Monday, December 08, 2008
It's a tough, tough time for the nation. We are well into a huge economic crisis and the people who are going to get hit the very hardest are those living on the edge with no reserves to fall back upon. The more vulnerable ones live paycheck to paycheck, sometimes even taking out payday loans to cover emergencies--and those loans have unbelievably damaging interest rates, thus pushing already precarious financial positions into real calamity.
No reserves--that's the problem. Nothing to carry us when blow after blow comes.
That is how I'm feeling right now. No real reserves after a very challenging few months as well as a very blessed few months as pastor here. I serve such a wonderful church. These dear people offer themselves as examples of Christ Incarnate in their joy and service and loving response to all coming their way. Even so, the energy drain continues on me, and everyone knows it. And I just can't figure out how to get filled up again. It's like the financial crisis--a precarious situation moves over into real calamity when there are no reserves to call upon.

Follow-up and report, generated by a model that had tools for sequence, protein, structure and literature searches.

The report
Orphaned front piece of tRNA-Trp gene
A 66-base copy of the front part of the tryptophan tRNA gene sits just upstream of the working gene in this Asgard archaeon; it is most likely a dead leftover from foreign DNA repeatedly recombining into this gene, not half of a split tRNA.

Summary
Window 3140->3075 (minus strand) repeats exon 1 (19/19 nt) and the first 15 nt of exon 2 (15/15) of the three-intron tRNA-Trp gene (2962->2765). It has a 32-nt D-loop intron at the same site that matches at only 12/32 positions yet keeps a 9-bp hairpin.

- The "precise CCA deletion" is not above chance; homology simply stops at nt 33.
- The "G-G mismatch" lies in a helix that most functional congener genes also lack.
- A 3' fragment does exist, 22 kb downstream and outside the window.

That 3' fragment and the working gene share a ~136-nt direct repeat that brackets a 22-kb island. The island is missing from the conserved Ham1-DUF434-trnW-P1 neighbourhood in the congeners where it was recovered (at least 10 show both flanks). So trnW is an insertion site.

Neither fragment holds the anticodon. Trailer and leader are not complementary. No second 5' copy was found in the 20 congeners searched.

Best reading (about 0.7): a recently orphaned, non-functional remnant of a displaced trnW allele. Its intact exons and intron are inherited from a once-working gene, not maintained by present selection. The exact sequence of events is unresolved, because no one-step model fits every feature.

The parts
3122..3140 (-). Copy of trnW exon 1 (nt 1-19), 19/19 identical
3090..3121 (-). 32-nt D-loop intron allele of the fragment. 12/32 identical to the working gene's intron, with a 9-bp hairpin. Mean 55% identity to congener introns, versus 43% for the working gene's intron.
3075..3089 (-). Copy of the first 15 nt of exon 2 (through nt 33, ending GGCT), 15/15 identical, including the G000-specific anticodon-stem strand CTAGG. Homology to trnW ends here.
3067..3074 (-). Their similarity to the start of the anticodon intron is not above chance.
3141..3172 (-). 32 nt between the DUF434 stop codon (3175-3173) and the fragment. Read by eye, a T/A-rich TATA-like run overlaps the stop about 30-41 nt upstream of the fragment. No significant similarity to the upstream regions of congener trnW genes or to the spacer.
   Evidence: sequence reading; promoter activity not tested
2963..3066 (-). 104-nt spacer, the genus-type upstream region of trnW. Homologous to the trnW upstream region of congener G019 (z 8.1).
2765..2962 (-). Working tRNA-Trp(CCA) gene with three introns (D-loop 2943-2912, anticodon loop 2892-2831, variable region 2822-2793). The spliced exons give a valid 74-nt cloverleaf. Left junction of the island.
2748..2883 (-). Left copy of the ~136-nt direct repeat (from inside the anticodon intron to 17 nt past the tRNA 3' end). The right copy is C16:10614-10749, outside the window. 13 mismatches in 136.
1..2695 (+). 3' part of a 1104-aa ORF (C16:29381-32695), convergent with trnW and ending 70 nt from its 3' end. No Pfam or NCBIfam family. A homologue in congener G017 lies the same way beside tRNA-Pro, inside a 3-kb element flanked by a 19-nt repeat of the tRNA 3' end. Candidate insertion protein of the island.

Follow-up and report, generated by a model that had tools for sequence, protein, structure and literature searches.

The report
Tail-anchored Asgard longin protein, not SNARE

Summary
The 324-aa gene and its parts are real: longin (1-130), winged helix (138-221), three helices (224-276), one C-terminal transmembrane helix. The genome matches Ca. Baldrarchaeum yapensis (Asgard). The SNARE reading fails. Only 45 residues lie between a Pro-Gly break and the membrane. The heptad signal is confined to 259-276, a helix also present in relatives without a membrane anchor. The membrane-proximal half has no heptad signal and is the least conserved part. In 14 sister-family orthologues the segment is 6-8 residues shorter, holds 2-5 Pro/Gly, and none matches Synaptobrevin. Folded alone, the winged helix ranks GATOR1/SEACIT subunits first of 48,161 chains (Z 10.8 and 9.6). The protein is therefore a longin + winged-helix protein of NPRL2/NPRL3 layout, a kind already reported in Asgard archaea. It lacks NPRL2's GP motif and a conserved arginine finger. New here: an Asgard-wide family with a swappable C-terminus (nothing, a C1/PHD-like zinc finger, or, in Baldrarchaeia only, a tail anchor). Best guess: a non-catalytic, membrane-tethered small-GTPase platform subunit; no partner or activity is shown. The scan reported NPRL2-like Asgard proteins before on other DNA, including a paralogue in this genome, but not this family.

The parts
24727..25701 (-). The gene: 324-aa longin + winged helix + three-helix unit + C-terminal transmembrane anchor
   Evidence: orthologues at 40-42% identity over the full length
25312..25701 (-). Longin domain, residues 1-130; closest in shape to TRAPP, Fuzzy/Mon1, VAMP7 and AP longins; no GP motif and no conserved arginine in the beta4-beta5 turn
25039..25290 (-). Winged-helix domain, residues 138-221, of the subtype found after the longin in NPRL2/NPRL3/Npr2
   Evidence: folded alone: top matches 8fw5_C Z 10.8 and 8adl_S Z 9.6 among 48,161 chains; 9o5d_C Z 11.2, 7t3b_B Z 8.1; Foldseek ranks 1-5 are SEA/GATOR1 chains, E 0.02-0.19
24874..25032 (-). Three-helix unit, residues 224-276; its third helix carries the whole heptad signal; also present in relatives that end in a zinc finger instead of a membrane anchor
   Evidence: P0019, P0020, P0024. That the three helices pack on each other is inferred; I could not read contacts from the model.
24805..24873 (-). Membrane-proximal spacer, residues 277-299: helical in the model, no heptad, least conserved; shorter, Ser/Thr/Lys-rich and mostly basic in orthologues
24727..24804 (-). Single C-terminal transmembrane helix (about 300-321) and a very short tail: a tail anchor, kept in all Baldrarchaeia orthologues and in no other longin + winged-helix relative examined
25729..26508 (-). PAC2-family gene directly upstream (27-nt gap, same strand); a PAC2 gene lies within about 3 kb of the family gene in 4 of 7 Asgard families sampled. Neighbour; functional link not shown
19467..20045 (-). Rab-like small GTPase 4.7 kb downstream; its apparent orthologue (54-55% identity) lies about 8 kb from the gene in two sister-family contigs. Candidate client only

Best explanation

It's easy to list the challenges and responsibilities on front of me. And frankly, most clergy would love to be in the situation I'm in--and therefore I have a very hard time complaining about it, although of course I do.
We'll know more later this week, but I do believe we have seen a healing take place in one of the members of my church. This morning, spending time in prayer before being able to find the energy to leave my bed, I was thinking about the time that the woman with the long-lasting hemorrhage touched the edge of Jesus cloak and Jesus felt the energy go out of him as she became well. Of course he would rejoice in her healing--and did so with gracious words of invitation into his family of faith. But was he exhausted afterward? Perhaps that is why his ministry was so short--those few years in which he gave all was all he could possibly muster.
I have long held that healing can only take place in extreme cooperation between God and the person in need of it. It cannot be outwardly imposed on someone who really, really doesn't want it. Many say they want it, but few really do. Many are called, but few are chosen. Few really, really want the kind of holy responsibility that comes with being healed by the hand of God. Few truly wish to live a well persons in a world that encourages sickness of heart and mind and soul and body.
Will God restore my reserves? Or better, is God interested in restoring my reserves? I think so. But I don't think God will fill my well any more than financial accounts miraculously turn from red to black just by wishing it. It takes cooperation. It means lining myself up with holy habits that promote the rebuilding of the reserves: rest, sabbath, time to read and reflect, time outside, laughter, order--in many ways, being a bit more selfish with my time and energy.
No quick fix here. Wish there were.